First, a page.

What started out as a press conference to announce a small-scale protest against Washington, D.C.’s “colonial status” gradually evolved into a larger discussion of grass-roots tactics to achieve broader rights for the District of Columbia.
And with one-time Green Party presidential candidate Ralph Nader at the helm of the proceedings, the event was a departure from the typical press avails typically hosted by more measured and mainstream local players.
Before a small group of activists and news reporters this morning, Nader laid out a plan for a “limited general strike” in support of D.C. statehood. More specifically, members of roughly a half-dozen participating organizations have pledged to postpone their arrival at work by 15 minutes on July 9, by 30 minutes on Aug. 1, by 45 minutes on Sept. 10 and by one hour on Oct. 1.
“[We will] use that time and other time to expand our circle of solidarity on statehood for the District of Columbia among our friends, relatives and co-workers,” Nader explained.
He acknowledged that the strike might seem “excessively modest,” but argued that it would start conversations within participating groups that don’t normally focus on D.C. rights issues, such as the Center for Health, Environment and Justice, US PIRG and FairVote.
Nader also described the tactic as useful because it is achievable, and suggested it could inspire similar actions in other sectors.
“Low barriers to entry for civic and political movements are as important as weighty strategies pursued by fuller-time activists who deserve to look behind them and see a rising tide streaming in many creative directions and touch points,” he said.
Representatives from more narrowly focused organizations such as DC Vote, DC Statehood Green Party and the Stand Up! for Democracy in D.C. Coalition also spoke about the strike plans and the strides that still need to be made within the larger movement.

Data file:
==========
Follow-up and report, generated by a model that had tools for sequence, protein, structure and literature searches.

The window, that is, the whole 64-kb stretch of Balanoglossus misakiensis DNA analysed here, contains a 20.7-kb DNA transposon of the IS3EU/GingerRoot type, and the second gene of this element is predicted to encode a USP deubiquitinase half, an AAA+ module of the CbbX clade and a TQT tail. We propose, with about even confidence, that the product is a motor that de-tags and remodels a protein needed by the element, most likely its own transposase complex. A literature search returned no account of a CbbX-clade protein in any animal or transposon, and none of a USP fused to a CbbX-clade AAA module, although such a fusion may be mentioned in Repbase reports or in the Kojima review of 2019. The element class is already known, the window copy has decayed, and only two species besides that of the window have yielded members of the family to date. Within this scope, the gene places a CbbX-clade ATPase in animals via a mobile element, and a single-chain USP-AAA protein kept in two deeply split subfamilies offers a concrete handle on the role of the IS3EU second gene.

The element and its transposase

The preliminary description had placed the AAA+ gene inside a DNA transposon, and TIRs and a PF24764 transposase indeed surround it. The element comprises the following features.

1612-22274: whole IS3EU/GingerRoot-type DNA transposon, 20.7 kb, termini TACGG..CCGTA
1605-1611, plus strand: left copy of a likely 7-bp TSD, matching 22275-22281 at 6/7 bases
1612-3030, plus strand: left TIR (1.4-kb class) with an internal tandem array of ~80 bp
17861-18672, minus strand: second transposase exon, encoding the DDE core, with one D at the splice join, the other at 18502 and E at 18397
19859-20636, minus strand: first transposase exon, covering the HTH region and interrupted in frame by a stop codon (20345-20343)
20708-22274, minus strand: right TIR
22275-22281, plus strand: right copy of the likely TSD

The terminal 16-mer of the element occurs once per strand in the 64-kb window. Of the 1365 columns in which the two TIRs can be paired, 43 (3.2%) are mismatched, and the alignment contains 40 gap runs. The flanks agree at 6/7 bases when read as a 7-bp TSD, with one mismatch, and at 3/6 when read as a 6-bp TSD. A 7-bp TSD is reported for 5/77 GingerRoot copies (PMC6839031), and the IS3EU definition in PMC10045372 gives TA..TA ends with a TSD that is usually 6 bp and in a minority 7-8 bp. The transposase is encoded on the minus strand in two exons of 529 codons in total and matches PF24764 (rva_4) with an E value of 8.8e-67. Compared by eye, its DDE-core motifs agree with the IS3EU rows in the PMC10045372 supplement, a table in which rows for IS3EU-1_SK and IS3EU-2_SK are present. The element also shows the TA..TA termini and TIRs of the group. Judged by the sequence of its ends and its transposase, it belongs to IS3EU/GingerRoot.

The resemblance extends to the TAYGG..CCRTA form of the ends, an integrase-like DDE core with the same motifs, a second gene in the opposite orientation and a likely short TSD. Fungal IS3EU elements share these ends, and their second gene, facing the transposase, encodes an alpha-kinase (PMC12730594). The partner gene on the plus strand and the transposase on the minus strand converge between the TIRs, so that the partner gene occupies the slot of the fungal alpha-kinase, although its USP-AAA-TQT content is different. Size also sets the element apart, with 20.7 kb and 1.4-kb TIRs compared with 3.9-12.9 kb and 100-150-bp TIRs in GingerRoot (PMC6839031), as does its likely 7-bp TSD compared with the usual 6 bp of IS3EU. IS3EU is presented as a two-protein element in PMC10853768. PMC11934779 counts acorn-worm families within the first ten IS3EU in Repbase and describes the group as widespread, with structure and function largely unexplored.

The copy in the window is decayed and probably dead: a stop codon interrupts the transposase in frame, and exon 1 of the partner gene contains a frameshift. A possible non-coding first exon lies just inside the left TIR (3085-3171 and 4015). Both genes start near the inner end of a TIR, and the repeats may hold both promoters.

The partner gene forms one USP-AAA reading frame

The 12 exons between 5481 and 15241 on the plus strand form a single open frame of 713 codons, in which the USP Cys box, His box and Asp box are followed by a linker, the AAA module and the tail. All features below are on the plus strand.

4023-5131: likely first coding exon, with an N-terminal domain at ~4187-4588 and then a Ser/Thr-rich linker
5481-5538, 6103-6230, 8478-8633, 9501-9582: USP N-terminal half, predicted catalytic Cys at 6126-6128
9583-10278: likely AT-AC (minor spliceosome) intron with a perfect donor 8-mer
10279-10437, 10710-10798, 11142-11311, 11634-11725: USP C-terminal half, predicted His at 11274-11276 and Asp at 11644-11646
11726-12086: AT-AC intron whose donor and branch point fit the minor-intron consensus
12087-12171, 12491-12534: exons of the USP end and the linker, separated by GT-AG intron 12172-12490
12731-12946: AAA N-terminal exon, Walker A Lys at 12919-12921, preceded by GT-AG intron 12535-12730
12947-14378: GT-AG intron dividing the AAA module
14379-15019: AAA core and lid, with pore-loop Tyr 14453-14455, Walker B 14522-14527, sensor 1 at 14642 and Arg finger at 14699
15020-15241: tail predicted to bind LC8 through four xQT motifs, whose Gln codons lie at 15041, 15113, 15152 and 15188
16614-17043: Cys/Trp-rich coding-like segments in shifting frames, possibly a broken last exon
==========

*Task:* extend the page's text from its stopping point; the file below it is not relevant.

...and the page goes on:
A question-and-answer session presented an opportunity for Nader and others to flex more radical muscles and engage in broader discussions about how to leverage support for expanded rights for D.C. citizens — and what self-proclaimed allies need to do differently.
The conversation at one point turned to President Barack Obama.
Mayor Vincent Gray and Del. Eleanor Holmes Norton (D-D.C.) tend to be careful not to criticize Obama in public statements for not doing enough, ultimately calling him an ally for their cause.
But Nader, Lino Stracuzzi of the D.C. Statehood Green Party and Anise Jenkins of Stand Up! were not reluctant to challenge Obama.
“I asked him, face to face, did he support statehood, and he gave me his assurances he did,” Jenkins said of a conversation she had with the future president at American University during the 2008 campaign. “We shouldn’t have to beg or plead.”
Ilir Zherka, executive director of DC Vote, agreed that Obama has not done all he could, citing as an example when the president “threw D.C. under the bus” by including a ban on local funding for abortion as a bargaining chip to pass a spending bill in 2011.
But Zherka suggested that what he perceived as Obama’s willingness to give in to pressure could be an asset at some point, and using tactics that include civil disobedience, tongue-in-cheek protests and phone drives could bring results.
“Washingtonians need to understand that things happen in politics when there’s pressure for things to happen in politics,” he said.
The question-and-answer session also included some back-and-forth on how D.C. activists should be directing their energies: toward achieving a vote in Congress or the realization of “New Columbia” as the 51st state.
Some activists argued that fighting for anything short of statehood is a cop-out, and that Norton and others should not be discouraging an ambitious goal even as more achievable objectives, such as a vote in Congress or budget autonomy, might be more saleable to constituents and national supporters.
Nader signaled his disappointment with Gray’s decision to opt out of the general strike. Aside from those providing emergency services, he said, there was no reason why government employees could not be late for work to support a policy platform the Gray administration endorses.
He also offered a rare public rebuke of Norton — who many consider to be the District’s biggest champion and most powerful advocate — for supposedly cloistering herself on Capitol Hill and not engaging or collaborating with the grass roots.
“She’s got to stop being proprietary in her approach here,” Nader said. “There’s potential for her to have leadership here.”
Zherka, whose group is perhaps the most prominent among D.C. autonomy organizations and has been known to work closely with local officials to meet shared objectives, did not contribute to the criticisms of Gray and Norton.